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start with low cloud and misty patches which will break up and lift. it could linger in the far north—east of scotland. we could see heavy showers develop, some of them thundery. most of us will stay dry. temperatures 14 to 28, 29, even 30. into wednesday better the change. not only will the north start with cloud, there will be some in the east as well. it will break to allow sunny spells to develop. once again, the risk of a heavy shower. it will be barely isolated and thundery. temperatures up to 28 degrees. there could be rain in the south—west and returning temperatures to where they
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should be at this stage injuly. it does look like a really gorgeous morning. that is the picture for many of us across the uk. nice day for a wedding. is there something i don't know about? from today, couples in england will be able to say 'i do' in front of more guests, as restrictions on the number of people attending weddings ease. fiona lamdin is with one bride and herfive bridesmaids, as they get ready for her big day. good morning. good morning. what a day to get married. this bridal party had been here since six o'clock. let me show you the breakfast they had been having. this sums up the covid times. a second alongside hand gel. this is who then will be marrying stop good morning.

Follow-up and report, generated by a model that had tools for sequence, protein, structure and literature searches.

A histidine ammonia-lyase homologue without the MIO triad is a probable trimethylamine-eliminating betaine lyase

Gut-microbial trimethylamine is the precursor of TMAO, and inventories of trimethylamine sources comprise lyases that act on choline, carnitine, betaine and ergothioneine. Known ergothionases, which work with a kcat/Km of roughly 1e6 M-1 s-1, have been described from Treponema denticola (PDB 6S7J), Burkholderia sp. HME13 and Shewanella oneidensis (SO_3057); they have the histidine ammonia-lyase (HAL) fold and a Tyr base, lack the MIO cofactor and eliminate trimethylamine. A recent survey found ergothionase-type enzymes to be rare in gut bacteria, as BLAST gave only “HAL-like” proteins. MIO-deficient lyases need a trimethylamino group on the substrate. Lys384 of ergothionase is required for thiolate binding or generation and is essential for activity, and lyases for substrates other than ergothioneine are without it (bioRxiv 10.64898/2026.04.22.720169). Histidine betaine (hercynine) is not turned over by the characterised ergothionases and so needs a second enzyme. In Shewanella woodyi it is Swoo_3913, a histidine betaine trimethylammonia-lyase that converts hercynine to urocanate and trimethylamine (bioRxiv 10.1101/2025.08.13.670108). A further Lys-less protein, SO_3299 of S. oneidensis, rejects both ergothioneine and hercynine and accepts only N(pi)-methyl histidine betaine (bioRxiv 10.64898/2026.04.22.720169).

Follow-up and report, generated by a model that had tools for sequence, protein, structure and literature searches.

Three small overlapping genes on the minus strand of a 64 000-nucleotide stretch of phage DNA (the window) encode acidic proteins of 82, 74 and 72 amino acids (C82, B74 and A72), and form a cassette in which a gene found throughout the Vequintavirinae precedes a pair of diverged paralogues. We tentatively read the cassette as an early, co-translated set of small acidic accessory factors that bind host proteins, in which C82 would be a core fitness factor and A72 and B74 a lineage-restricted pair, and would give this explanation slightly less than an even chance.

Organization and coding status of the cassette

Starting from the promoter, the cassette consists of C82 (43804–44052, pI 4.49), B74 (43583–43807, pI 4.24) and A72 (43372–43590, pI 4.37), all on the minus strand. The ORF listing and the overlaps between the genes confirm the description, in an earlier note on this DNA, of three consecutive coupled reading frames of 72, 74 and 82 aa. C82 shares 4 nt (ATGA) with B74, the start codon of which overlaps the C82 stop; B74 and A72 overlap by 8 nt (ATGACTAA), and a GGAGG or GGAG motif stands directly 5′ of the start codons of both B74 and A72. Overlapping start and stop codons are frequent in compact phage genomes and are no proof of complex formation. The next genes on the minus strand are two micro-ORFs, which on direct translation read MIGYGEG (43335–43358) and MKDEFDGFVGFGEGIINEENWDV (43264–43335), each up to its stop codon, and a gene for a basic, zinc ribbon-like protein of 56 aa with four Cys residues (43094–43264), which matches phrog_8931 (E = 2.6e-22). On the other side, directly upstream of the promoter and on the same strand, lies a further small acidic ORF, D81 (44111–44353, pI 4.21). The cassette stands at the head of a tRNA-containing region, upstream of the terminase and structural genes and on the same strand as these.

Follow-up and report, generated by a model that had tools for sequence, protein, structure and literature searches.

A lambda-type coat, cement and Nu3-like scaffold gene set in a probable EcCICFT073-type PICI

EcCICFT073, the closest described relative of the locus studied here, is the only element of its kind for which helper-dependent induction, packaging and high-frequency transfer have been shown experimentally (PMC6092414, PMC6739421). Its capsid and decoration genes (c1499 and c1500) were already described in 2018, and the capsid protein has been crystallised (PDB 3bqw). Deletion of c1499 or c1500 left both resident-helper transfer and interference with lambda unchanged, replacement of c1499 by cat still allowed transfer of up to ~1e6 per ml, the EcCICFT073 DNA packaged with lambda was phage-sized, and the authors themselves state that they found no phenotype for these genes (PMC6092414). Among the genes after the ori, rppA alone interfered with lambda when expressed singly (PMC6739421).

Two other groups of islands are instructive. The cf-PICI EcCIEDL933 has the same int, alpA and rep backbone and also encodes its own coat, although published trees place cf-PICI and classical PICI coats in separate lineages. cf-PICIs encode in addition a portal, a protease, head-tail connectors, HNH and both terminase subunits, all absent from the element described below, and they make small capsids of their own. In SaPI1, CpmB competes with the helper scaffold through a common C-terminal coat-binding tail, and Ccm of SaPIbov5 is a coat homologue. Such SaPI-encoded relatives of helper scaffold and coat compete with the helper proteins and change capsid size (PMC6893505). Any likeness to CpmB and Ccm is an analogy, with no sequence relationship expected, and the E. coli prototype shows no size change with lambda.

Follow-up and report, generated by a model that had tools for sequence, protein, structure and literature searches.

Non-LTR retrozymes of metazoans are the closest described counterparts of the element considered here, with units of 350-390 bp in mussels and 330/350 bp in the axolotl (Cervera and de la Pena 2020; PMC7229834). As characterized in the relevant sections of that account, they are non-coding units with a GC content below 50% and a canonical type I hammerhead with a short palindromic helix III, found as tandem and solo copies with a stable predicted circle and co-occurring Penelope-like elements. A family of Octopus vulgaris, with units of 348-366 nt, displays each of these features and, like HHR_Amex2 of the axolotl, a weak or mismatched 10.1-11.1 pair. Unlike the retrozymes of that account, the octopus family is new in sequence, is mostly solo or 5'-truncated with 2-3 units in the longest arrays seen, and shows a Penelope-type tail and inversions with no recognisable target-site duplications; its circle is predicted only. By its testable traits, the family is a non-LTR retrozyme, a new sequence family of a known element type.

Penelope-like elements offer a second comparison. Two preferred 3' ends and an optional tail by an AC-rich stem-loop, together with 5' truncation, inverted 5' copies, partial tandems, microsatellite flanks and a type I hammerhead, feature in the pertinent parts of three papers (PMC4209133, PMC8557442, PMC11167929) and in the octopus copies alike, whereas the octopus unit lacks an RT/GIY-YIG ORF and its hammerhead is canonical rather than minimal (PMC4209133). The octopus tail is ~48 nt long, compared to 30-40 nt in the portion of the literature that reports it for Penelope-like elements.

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seco in hand. you have had it done beautifully. —— prosecco. the seco in hand. you have had it done beautifully. -- prosecco.— beautifully. -- prosecco. the lead u . beautifully. -- prosecco. the lead u- has beautifully. -- prosecco. the lead up has been _ beautifully. -- prosecco. the lead up has been really _ beautifully. -- prosecco. the lead up has been really stressful - beautifully. -- prosecco. the lead up has been really stressful with l up has been really stressful with covid _ up has been really stressful with covid and — up has been really stressful with covid and everything. we postponed last year. _ covid and everything. we postponed last year, we were planning injuly last year, we were planning injuly last year— last year, we were planning injuly last year but thought we would be smart _ last year but thought we would be smart and — last year but thought we would be smart and do it later, thinking it would _ smart and do it later, thinking it would be — smart and do it later, thinking it would be over and done with. here we are on— would be over and done with. here we are on freedom day. it has been amazing — are on freedom day. it has been amazing stop and guidance on everything changing, we never knew to last _ everything changing, we never knew to last week. you everything changing, we never knew to last week-— to last week. you will be able to dance. to last week. you will be able to dance- 0ur _ to last week. you will be able to dance. our guests _ to last week. you will be able to dance. our guests will _ to last week. you will be able to dance. our guests will be - to last week. you will be able to dance. our guests will be able l to last week. you will be able to | dance. our guests will be able to minule dance. our guests will be able to mingle with _ dance. our guests will be able to mingle with drinks _ dance. our guests will be able to